The ABCDEF Rule: Combining the “ABCDE Rule” and the “Ugly Duckling Sign” in an Effort to Improve Patient Self-Screening Examinations

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J. Daniel Jensen MD; Boni E. Elewski MD

Department of Dermatology, University of Alabama at Birmingham, Birmingham, Alabama

To the editor: Regular self-skin examinations by patients have been shown to decrease the depth of melanomas at the time of diagnosis and facilitate a lower risk of melanoma when coupled with regular visits with a physician.[1] Accordingly, the American Academy of Dermatology has sought to improve patient awareness of melanoma through its SPOT Skin Cancer campaign.[2] At our institution, we counsel patients to perform regular self-skin examinations in an effort to expedite identification and appropriate treatment of suspicious melanocytic lesions. To aid patients in identifying possible melanoma, we often recommend the use of either the “ABCDE rule” or the “ugly duckling sign.”

The ABCDE rule, first introduced in 1985 as the ABCD rule[3] and then expanded in 2004 to the ABCDE rule,[4] encompasses several clinical features of melanoma, including Asymmetry, Border irregularity, Color variation (both intralesional color variation as well as a color that is different from the patient’s other nevi), Diameter greater than 6mm, and Evolving (a new or changing lesion). An alternative to the ABCDE rule, the “ugly duckling sign,” was later developed to address the limitations of the ABCDE rule.[5] It states that the “spot” that is unlike the others is often the most suspect for malignancy. Their limitations aside, both of these methods provide an easy, general framework from which patients may work in order to identify potential melanomas.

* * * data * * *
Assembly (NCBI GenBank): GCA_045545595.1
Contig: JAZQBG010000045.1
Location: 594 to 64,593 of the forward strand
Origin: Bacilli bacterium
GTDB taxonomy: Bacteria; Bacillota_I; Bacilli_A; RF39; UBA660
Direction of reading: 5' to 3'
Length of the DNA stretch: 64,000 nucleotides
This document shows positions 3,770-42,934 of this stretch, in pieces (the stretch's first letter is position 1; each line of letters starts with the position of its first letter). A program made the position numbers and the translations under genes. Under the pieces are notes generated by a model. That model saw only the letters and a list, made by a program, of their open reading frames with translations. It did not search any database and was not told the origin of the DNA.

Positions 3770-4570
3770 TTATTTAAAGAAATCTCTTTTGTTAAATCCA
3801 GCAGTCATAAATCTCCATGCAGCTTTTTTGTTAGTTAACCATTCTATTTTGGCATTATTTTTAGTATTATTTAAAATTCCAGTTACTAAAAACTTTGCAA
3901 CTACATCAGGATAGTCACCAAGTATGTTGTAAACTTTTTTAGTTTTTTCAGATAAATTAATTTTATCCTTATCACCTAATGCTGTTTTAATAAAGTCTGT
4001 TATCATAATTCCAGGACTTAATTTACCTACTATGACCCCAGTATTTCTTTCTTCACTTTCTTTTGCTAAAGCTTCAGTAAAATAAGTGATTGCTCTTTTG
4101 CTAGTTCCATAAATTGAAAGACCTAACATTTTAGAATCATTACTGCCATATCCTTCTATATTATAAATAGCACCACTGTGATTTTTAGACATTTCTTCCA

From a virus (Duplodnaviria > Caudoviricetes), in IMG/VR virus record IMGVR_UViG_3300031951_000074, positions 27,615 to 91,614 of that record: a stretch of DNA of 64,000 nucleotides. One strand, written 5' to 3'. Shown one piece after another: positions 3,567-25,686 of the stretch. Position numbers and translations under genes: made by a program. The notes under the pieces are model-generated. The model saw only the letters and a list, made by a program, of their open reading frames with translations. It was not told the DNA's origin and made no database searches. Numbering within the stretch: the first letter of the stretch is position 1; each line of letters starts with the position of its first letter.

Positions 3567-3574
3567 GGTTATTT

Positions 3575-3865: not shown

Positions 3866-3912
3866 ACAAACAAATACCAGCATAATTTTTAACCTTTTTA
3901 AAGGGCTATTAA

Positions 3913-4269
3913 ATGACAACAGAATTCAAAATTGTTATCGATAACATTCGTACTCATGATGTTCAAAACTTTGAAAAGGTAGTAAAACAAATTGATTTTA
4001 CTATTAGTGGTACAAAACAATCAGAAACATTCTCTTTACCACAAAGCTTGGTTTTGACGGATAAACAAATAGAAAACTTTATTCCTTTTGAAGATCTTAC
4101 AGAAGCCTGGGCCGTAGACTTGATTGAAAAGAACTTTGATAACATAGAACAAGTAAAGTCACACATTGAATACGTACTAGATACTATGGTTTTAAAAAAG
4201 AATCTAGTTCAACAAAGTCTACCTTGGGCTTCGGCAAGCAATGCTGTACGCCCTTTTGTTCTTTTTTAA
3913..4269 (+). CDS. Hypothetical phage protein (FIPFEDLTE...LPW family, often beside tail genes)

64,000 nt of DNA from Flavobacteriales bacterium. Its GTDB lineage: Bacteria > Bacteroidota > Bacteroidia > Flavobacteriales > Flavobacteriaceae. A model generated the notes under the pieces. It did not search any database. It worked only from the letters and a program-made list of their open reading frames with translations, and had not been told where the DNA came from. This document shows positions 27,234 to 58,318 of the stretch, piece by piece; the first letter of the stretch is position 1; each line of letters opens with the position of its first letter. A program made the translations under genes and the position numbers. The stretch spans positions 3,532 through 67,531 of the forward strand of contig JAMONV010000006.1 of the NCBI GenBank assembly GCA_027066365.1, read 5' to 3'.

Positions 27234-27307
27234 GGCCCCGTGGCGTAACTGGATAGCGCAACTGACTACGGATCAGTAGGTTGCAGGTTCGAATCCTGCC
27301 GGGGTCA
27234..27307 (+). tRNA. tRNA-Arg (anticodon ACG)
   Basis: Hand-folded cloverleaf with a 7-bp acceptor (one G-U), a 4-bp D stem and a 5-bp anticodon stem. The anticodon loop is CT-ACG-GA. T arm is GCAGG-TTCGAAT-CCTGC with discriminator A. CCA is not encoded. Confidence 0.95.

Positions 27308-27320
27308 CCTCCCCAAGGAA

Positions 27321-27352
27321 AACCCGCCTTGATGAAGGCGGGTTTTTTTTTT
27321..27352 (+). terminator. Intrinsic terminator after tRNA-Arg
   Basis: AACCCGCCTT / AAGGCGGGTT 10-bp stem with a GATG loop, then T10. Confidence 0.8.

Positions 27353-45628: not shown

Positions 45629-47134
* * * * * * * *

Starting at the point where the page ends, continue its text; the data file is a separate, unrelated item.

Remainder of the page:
Due to time constraints or personal preference, dermatologists often choose to counsel patients on one of these guidelines while neglecting the other. However, the shortcoming of using only one of these criteria is that the ABCDE and “ugly duckling” rules are complementary to one another and are not necessarily equal alternatives to one another. That is, the ABCDE rule does not account for the added screening benefits of using the “ugly duckling rule,” and vice versa. Therefore, we propose a modification to the ABCDE rule in order to combine the benefits of this rule with that of the “ugly duckling sign.”

The addition of the letter “F,” which stands for “Funny looking,” nicely incorporates the “ugly duckling rule” into one, unified tool—the ABCDEF rule—for patients to use when evaluating their moles at home. The “Funny looking” mole, like the “ugly duckling sign,” implies that there is an overall gestalt one can have about a spot being suspicious. The addition of another letter to the currently widely used ABCDE rule does not seem to overly complicate the mnemonic for patients. Indeed, in our experience in counseling patients about the ABCDEF rule, we have found that the inclusion of a somewhat humorous and unexpected “capstone” to the mnemonic has been very well received. The ABCDEF rule improves upon the previous iteration of the mnemonic and may prove to be a useful tool for patients and physicians alike in identifying worrisome melanocytic lesions.

References

1. Titus LJ, Clough-Gorr K, Mackenzie TA, et al. Recent skin self-examination and doctor visits in relation to melanoma risk and tumour depth. Br J Dermatol. 2013;168(3):571–576.

2. American Academy of Dermatology. SPOT. http://www.aad.org/spot-skin-cancer. Accessed August 18, 2014.

3. Friedman RJ, Rigel DS, Kopf AW. Early detection of malignant melanoma: the role of physician examination and self-examination of the skin. CA Cancer J Clin. 1985;35:130–151.

4. Abbasi NR, Shaw HM, Rigel DS, et al. Early diagnosis of cutaneous melanoma: revisiting the ABCD criteria. JAMA. 2004;292:2771–2776.

5. Grob JJ, Bonerandi JJ. The “ugly duckling” sign: identification of the common characteristics of nevi in an individual as a basis for melanoma screening. Arch Dermatol 1998;134(1):103–104.

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